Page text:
Christianity doesn't have a monopoly on symbols of love. Many of the symbols of love around the world come from the ancient religious beliefs of the Greeks. The Greeks were replaced by the Romans, who adopted many of the Greek gods. Between the Greek and the subsequent Roman empire, this culture had a significant impact over much of Europe, Asia, and Africa for a thousand years. As a result, it's no wonder that many of our symbols of love still come from those traditions.
We'll talk later about flowers as a symbol of love, but that's partially related to Flora, the Roman goddess of flowers and spring. Flora wasn't always a goddess - she was made a goddess by Zephyr, a wind god, an apology by taking her by force in a fit of passion as depicted in the Rennaissance painting Primavera Sandro Botticelli.
The Greek goddess Aphrodite, or the Greek Venus, was the goddess of beauty, which ancient philosophers closely linked to the idea of love. Rather than being born of parents, Venus appeared out of a cloud of sea foam. According to ancient myth, the rose came into being at the moment of her birth. In another Botticelli painting, The Birth of Venus, the goddess of spring is once again pictured, this time preparing to dress Venus in a robe of flowers further solidifying flowers as a symbol of love and linking love to the ideas of beauty, birth, and renewal that were already associated with spring and which still are in many ways.
However, Venus wasn't herself the goddess of love. Though her son, Eros to the Greeks and Cupid to the Romans, was. In some stories, Eros didn't have a set gender, and many ancient sources refer to Eros as a male or a female interchangeably. The ideas of love and beauty are closely linked for many of us, which is exemplified in the birth of love from beauty in ancient mythologies. The deity of love being both male and female speaks to the fact that love exclusive to neither male nor female experience but is common to both.
In one story, Venus hides Cupid from Cupid's intended lover, Psyche. Psyche is required to perform a series of tasks before being united with Cupid, one of which requires a trip to the underworld. The story speaks to the power of beauty to make the mind willing to go "to hell and back" for love.
Renaissance painters, like Botticelli, helped to pioneer the use of flowers as symbols in art. One of the flowers that they commonly used was the carnation, which was commonly used as a symbol of betrothal in their paintings. Carnations are also used in art as a symbol of marriage, according to art historian Miranda Bruce-Mitford. In more recent flower symbology, different colors of carnations are used to display different levels of emotion with a pink carnation symbolizing a crush and a red carnation symbolizing love.
The rose is largely seen as an archetypal symbol of beauty and love, although the kind of love differs. The rose's association with Venus implies an association with romantic love though, in some Christian traditions, roses were said to have grown out of drops of blood at Christ's crucifixion linking them with divine love and sacrifice.
In the Arthurian legend "Tristan and Isolde," told in "La Morte d'Arthur" by Thomas Malory. In the story, Tristan and Isolde are in love, but due to political disagreements, Sir Tristan is unable to see his Irish princess Isolde who was married to Tristan's uncle, the king of Wales. The two don't have a happy ending but die on the same day but are buried together, and roses grow out of their graves and vine together.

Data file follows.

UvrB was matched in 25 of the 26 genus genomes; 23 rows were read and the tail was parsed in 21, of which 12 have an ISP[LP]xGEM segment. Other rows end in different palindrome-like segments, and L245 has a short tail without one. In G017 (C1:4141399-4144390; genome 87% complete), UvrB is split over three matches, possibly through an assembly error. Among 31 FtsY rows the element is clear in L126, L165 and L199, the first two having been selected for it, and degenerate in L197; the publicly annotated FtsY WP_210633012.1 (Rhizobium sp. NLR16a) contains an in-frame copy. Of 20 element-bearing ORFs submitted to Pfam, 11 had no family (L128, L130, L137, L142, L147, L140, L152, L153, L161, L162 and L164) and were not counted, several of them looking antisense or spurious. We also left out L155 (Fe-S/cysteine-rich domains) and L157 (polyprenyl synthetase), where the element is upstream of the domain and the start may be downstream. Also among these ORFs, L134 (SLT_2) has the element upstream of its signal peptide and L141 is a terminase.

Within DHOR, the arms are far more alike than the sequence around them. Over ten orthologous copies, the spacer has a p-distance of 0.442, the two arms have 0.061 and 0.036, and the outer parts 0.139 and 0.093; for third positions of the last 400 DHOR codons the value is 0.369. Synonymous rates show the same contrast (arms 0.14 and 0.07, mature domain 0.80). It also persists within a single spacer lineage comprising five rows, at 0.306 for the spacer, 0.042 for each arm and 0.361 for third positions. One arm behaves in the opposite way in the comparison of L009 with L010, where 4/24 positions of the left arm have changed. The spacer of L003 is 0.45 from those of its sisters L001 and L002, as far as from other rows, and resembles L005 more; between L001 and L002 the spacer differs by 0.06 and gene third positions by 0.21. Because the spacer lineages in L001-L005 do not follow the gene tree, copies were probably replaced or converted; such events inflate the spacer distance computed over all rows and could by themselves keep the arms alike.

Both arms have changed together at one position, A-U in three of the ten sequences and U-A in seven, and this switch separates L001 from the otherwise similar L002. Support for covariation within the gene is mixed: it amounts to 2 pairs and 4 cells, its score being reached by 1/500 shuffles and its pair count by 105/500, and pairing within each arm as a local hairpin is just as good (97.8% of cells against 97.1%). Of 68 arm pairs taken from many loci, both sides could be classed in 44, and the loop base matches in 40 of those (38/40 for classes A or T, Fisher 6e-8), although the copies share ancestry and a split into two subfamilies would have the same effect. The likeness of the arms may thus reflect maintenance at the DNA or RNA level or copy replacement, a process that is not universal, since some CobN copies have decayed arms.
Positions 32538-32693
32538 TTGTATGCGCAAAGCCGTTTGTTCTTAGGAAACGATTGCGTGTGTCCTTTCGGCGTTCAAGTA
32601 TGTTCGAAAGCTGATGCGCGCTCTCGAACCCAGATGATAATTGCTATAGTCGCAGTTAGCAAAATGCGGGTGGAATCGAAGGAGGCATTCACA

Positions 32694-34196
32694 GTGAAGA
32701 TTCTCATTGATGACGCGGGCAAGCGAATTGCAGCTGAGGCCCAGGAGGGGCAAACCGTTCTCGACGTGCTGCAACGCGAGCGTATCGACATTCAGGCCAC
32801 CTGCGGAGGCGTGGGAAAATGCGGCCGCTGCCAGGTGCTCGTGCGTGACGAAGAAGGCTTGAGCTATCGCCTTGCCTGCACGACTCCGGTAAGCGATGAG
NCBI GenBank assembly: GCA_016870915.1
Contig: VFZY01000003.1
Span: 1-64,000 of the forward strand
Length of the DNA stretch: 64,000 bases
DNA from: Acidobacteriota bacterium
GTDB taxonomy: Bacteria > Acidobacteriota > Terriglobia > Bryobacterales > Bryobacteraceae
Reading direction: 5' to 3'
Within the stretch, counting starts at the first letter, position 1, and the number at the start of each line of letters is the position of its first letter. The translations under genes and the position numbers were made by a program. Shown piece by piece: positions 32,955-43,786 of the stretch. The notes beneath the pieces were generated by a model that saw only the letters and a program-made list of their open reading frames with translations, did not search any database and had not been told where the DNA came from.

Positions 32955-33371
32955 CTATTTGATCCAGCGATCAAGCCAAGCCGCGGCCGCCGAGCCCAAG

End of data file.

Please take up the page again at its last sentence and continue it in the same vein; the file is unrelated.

The flower Myrtle is also associated with Venus as well as with marriage in Britain. That's fortunate because in the 15th century England two sides in a civil war chose different colored roses as their emblems and were used to show allegiance to one faction or the other.
Another flower, Honeysuckle, is associated with love in France. The 12th-century poem, "Honeysuckle" by Marie de France expands a part of the story of Tristan and Isolde. In the poem, Tristan arranges to meet with Isolde because secretly
"He could no longer live that way
Cut off from the one he loved, for they
Were like the honeysuckle vine,
Which around the hazel tree will twine
Holding the trunk as in a fist
And climbing until its tendrils twist
Around the top and hold it fast
Together tree and vine will last
But then if anyone should pry
The vine away, they both will die."
In the poem, Tristan carves his name into a hazel tree to let Isolde know that he is nearby, which may have started the tradition of young lovers carving their names into the bark of trees.
A similar story of star-crossed lovers in China relates a young couple who run away to meet under a willow-tree, making that tree a symbol of love in China. This story also ends unhappily with the two lovers dying in a fire and their souls leaving the blaze as doves, another symbol of love.
Some symbols work together with elements of individual parts of symbols.
Wings are seen as a symbol of love for several reasons, including Eros/Cupid often being depicted with wings as well as the doves in Chinese mythology. As a result, hearts are often given wings in different artistic or symbolic contexts.
Similarly, the heart pierced by an arrow represents the pain the love and lost love can cause but is also a reference to Eros/Cupid.
Links have been provided above, where possible, for the exploration of some of the documents and images used in compiling this article. There are many bodies of work regarding symbolism and love that are good for endless study.
If you feel heartbroken, or like you've been shot with Cupid's arrow, you might need more help. If you need a hand navigating love or loss of love, visit https://www.betterhelp.com/online-therapy/ for information on connecting with counselors and therapists over your internet connection.